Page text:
Computing CT (recurrence diameter)
  • Finding the longest loop-free path in a graph is NP- complete in the size of the graph.
  • The graph can be exponential in the number of variables.
  • Conclusion: in practice computing the recurrence diameter is 2-exp in the no. of variables.
  • Computing rd(y) symbolically with SAT. Find largest k that satisfies:
complexity of bmc
Complexity of BMC

CT· (min(rdI(y)+1, dI(y) + d(y)))

  • Computing CTis 2exp.
  • The value of CTcan be exponential in the # of state variables.
  • BMC SAT formula grows linearly with k, which can be as high as CT.

Conclusion: standard SAT based BMC is worst-case 2-exp

the complexity gap
The complexity GAP
  • SAT based BMC is 2-exp
  • LTL model checking is exponential in |f| and linear in |M| (to be accurate, it is ‘Pspace-complete’ in |f|)
  • So why use BMC ?
  • Finding bugs when kis small
  • In many cases rd(y) and d(y)are not exponential and are even rather small.
  • SAT, in practice, is very efficient.
closing the complexity gap
Closing the complexity gap
  • Why is there a complexity gap ?
  • LTL-MC with 2-dfs :

dfs1

dfs2

  • Every state is visited not more than twice
the double dfs algorithm
DFS1(s) {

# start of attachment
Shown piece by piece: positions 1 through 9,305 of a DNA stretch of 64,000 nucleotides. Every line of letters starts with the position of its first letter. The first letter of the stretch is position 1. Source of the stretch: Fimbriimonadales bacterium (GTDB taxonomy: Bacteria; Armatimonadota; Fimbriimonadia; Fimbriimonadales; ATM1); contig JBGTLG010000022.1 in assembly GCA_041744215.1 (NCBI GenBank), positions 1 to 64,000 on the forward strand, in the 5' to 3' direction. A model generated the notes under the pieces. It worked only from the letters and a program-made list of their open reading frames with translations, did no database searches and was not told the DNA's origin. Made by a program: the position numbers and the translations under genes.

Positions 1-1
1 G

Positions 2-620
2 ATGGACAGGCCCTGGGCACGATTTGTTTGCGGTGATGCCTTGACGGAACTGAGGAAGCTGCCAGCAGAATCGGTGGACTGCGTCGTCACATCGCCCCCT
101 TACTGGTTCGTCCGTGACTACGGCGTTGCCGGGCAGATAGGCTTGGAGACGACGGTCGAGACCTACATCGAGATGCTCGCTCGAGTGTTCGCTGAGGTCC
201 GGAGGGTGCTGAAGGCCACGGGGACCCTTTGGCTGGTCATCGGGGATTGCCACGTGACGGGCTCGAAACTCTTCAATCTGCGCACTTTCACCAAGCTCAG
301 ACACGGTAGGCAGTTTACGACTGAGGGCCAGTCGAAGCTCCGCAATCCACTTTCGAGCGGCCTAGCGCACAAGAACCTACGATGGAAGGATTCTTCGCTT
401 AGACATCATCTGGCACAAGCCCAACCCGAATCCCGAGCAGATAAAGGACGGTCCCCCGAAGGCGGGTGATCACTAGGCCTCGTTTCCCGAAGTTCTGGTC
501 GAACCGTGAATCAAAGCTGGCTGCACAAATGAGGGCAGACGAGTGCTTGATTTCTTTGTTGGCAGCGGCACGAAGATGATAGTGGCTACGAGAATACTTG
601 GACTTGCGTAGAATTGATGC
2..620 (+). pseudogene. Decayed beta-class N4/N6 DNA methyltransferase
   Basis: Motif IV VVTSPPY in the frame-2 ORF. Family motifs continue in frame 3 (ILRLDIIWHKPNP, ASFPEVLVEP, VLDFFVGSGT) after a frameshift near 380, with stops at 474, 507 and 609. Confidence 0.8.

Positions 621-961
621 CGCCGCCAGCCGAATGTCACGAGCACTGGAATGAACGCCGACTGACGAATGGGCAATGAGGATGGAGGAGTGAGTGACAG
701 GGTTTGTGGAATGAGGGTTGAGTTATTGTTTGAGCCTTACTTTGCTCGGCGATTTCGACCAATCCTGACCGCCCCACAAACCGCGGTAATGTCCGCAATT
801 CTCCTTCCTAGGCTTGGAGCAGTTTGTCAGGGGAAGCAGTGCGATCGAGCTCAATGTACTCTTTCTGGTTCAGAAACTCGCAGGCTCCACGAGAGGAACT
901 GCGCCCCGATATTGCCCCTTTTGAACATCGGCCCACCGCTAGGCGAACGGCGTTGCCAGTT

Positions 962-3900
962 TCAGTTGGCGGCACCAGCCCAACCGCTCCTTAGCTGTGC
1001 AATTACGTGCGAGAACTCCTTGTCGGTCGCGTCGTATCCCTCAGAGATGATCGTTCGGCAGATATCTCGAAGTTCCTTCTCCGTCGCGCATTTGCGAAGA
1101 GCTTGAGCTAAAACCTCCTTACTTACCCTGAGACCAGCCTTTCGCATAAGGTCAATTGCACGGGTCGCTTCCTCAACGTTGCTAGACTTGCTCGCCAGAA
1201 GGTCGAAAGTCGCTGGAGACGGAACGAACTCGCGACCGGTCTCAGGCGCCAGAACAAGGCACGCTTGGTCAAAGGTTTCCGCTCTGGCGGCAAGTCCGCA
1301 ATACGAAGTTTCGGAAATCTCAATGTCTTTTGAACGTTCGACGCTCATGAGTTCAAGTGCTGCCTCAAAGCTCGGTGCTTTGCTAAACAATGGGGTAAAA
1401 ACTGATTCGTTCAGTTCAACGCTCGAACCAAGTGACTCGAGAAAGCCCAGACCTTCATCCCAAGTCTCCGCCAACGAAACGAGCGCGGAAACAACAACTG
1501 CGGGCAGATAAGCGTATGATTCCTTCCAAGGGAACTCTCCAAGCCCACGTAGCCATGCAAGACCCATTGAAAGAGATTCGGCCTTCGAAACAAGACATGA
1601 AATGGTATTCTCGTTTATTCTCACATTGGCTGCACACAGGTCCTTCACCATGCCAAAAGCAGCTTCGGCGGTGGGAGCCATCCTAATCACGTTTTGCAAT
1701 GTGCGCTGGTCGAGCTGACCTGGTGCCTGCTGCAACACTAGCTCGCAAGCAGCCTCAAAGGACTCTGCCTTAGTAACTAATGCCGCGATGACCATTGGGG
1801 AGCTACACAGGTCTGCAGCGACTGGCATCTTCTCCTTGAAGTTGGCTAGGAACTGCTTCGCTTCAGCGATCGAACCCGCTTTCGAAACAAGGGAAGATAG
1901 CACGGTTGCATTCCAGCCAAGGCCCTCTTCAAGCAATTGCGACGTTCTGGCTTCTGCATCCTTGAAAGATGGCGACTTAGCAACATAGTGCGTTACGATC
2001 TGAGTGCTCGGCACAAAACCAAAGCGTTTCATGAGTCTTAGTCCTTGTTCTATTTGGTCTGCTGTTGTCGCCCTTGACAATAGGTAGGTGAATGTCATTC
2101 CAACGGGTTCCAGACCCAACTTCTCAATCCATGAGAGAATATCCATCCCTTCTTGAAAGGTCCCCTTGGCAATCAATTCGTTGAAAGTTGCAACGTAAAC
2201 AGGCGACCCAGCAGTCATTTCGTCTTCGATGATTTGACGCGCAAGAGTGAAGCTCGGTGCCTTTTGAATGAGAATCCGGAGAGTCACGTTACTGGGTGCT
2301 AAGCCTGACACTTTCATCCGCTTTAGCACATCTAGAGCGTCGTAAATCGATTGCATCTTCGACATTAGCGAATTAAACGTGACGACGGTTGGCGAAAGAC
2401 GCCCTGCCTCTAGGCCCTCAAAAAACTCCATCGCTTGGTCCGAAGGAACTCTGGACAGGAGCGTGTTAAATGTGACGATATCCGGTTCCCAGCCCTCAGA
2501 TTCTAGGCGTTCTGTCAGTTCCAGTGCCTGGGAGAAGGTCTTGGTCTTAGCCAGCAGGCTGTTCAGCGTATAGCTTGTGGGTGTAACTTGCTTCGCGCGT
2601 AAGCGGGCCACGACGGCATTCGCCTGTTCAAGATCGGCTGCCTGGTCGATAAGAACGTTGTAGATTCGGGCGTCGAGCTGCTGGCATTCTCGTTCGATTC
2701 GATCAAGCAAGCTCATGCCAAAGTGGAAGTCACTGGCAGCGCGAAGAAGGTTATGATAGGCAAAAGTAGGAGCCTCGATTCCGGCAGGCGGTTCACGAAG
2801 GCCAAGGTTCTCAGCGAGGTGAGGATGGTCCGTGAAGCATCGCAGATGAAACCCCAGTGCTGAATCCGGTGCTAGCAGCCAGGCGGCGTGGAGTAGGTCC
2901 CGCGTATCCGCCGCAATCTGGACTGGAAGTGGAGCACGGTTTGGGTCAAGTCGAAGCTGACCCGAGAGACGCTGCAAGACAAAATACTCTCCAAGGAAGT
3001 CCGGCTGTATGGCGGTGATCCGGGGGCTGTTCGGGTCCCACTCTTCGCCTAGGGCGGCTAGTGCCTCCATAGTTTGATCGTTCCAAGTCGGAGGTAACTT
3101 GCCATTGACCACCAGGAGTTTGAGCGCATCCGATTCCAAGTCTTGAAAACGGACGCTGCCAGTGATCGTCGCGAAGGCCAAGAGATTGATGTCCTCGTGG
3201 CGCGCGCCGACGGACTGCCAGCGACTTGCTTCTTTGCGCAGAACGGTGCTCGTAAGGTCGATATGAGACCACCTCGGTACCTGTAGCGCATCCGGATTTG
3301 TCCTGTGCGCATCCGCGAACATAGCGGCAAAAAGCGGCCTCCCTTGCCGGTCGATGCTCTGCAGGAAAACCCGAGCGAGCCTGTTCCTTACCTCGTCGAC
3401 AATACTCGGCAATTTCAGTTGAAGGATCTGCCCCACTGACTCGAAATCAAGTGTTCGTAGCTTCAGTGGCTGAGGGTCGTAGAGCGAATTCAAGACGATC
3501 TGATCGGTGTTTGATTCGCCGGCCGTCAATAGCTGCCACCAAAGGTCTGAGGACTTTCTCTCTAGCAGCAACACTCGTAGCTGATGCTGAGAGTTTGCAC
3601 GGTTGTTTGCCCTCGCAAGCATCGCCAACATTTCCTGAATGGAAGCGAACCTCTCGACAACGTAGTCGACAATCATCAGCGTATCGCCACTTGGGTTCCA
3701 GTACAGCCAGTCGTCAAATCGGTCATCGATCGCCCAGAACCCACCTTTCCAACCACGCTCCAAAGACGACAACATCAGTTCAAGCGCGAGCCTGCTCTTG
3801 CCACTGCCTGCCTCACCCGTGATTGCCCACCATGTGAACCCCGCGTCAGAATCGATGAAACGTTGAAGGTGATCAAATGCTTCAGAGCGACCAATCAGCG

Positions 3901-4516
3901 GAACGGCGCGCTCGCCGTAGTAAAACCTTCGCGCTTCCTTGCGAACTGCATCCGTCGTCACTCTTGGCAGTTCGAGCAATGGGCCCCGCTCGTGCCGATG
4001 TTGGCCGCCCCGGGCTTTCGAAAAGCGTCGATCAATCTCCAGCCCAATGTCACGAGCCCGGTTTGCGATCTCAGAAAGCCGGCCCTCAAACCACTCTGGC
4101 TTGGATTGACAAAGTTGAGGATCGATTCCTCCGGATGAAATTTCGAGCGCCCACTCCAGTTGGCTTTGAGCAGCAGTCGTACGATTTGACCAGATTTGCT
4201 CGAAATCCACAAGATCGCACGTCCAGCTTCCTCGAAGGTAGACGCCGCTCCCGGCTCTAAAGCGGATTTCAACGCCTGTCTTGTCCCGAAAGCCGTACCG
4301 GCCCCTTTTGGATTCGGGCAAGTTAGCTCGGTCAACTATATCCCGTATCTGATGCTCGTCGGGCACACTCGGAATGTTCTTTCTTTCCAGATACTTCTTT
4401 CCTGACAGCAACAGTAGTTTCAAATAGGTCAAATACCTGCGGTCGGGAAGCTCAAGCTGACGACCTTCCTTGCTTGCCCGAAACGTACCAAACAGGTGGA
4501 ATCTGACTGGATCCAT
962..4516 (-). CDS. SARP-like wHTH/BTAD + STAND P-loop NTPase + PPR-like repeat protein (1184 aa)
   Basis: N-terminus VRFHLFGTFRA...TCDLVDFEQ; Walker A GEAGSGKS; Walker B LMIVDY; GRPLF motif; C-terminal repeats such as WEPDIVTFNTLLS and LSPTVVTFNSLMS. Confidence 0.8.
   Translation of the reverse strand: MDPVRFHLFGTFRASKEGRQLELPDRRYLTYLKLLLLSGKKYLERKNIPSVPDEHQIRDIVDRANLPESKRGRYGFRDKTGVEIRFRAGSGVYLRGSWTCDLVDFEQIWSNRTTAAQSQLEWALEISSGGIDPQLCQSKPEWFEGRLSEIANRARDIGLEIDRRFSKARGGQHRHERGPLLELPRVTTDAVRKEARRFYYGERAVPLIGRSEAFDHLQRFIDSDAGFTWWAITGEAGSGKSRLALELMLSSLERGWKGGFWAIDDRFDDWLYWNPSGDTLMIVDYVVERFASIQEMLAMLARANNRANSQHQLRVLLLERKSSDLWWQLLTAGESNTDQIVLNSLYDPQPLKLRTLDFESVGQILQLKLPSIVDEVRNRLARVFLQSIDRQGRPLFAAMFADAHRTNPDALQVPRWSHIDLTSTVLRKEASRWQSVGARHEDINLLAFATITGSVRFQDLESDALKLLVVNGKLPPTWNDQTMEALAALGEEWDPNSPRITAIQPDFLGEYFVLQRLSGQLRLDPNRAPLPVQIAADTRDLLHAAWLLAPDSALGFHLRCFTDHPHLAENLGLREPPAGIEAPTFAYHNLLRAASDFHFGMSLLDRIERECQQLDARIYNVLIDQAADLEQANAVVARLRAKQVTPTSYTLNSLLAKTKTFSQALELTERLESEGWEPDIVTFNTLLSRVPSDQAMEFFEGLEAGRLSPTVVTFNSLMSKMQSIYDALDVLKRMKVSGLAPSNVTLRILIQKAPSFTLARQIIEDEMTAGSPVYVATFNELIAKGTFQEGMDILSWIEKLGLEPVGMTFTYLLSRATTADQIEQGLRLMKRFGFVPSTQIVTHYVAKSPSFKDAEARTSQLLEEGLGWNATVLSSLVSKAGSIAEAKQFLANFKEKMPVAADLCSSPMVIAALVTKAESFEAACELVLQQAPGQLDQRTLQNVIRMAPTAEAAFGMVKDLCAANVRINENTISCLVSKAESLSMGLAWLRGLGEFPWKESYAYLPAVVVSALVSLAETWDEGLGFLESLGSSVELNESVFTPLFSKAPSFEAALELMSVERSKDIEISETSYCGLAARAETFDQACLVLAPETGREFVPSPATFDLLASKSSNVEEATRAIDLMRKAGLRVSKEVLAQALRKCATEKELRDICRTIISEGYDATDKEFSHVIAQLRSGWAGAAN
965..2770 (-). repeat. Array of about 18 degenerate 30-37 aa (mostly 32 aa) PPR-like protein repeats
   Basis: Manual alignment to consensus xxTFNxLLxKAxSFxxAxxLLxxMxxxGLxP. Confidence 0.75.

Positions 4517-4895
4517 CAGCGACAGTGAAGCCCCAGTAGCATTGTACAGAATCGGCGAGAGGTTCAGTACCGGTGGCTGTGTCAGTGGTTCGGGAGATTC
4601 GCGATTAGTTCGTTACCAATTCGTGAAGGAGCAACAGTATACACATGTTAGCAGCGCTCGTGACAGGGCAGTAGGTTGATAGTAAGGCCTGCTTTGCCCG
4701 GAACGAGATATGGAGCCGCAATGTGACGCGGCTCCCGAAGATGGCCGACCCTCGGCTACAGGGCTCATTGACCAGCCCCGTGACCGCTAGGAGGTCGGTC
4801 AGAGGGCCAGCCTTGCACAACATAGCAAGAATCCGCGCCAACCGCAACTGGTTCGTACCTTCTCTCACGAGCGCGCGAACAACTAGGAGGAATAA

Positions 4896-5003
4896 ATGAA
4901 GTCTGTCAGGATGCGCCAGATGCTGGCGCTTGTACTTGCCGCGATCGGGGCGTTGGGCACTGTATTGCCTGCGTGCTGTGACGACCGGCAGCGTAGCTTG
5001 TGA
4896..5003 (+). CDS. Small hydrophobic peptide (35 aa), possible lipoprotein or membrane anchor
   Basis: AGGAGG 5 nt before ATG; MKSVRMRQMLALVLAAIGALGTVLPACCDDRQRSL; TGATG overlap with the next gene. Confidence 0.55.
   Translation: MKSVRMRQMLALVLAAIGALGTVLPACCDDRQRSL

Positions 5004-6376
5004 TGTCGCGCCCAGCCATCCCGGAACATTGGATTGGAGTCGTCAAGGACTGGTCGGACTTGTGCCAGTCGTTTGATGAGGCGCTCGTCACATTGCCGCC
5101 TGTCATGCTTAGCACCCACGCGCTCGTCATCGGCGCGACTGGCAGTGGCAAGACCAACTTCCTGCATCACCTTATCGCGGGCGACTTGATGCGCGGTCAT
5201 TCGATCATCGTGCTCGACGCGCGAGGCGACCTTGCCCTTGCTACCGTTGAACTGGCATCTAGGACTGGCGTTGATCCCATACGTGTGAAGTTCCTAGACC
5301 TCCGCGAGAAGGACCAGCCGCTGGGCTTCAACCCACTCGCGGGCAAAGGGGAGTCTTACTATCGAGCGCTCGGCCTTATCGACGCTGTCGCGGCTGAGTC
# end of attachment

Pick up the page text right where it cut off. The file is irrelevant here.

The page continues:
push(s,Stack1);

hash(s,Table1);

for each t 2 Succ­(s)

{if t Ï Table1 then DFS1(t);}

if s 2 F­ then DFS2(s);

pop(Stack1);

}

DFS2(s) {

push(s,Stack2);

hash( s,Table2) ;

for each t2 Succ­(s) do {

if tis onStack1{

output(“bad cycle:”);

output( Stack1,Stack2,t);

exit; }

else if t Ï Table2 then DFS2(t)

}

pop( Stack2); }

The Double-DFS algorithm

Upon finding a bad cycle, Stack1, Stack2, t, determines a counterexample:

a bad cycle reached from an init state.

closing the complexity gap1
Closing the complexity gap
  • 2-dfs
    • Each state is visited not more than twice
  • SAT
    • Each state can potentially be visited an exponential no. of times, because all paths are explored.
closing the complexity gap for p
Closing the complexity gap (for p)
  • Force a static order, following a forward traversal
  • Each time a state i is fully evaluated (assigned):
    • Prevent the search from revisiting it through deeper paths e.g. If (xiÆ:yi) is a visited state, then for i < j· CT add the following state clause: (:xjÇyj)
    • When backtracking from state i, prevent the search from revisiting it in step i(add (:xiÇyi)).
    • If :pi holds stop and return “Counterexample found”
closing the complexity gap2
Closing the complexity gap
  • Is restricted SAT better or worse than BMC ?
  • Bad news:
    • We gave up the main power of SAT: dynamic splitting heuristics.
    • We may generate an exponential no. of added constraints
  • Good news
    • Single exp. instead of double exp.
    • No need to compute CT. (Instead of pre-computing CT we can maintain a list of states and add their negation ‘when needed’).
closing the complexity gap3
Closing the complexity gap
  • Is restricted SAT better or worse than explicit LTL-MC ?
  • Not clear !
    • Unlike dfs, SAT has heuristics for progressing.
    • SAT has pruning ability of sets of states
comparing the algorithms
Comparing the algorithms…

* Assuming the SAT solver restricts the size of its added clauses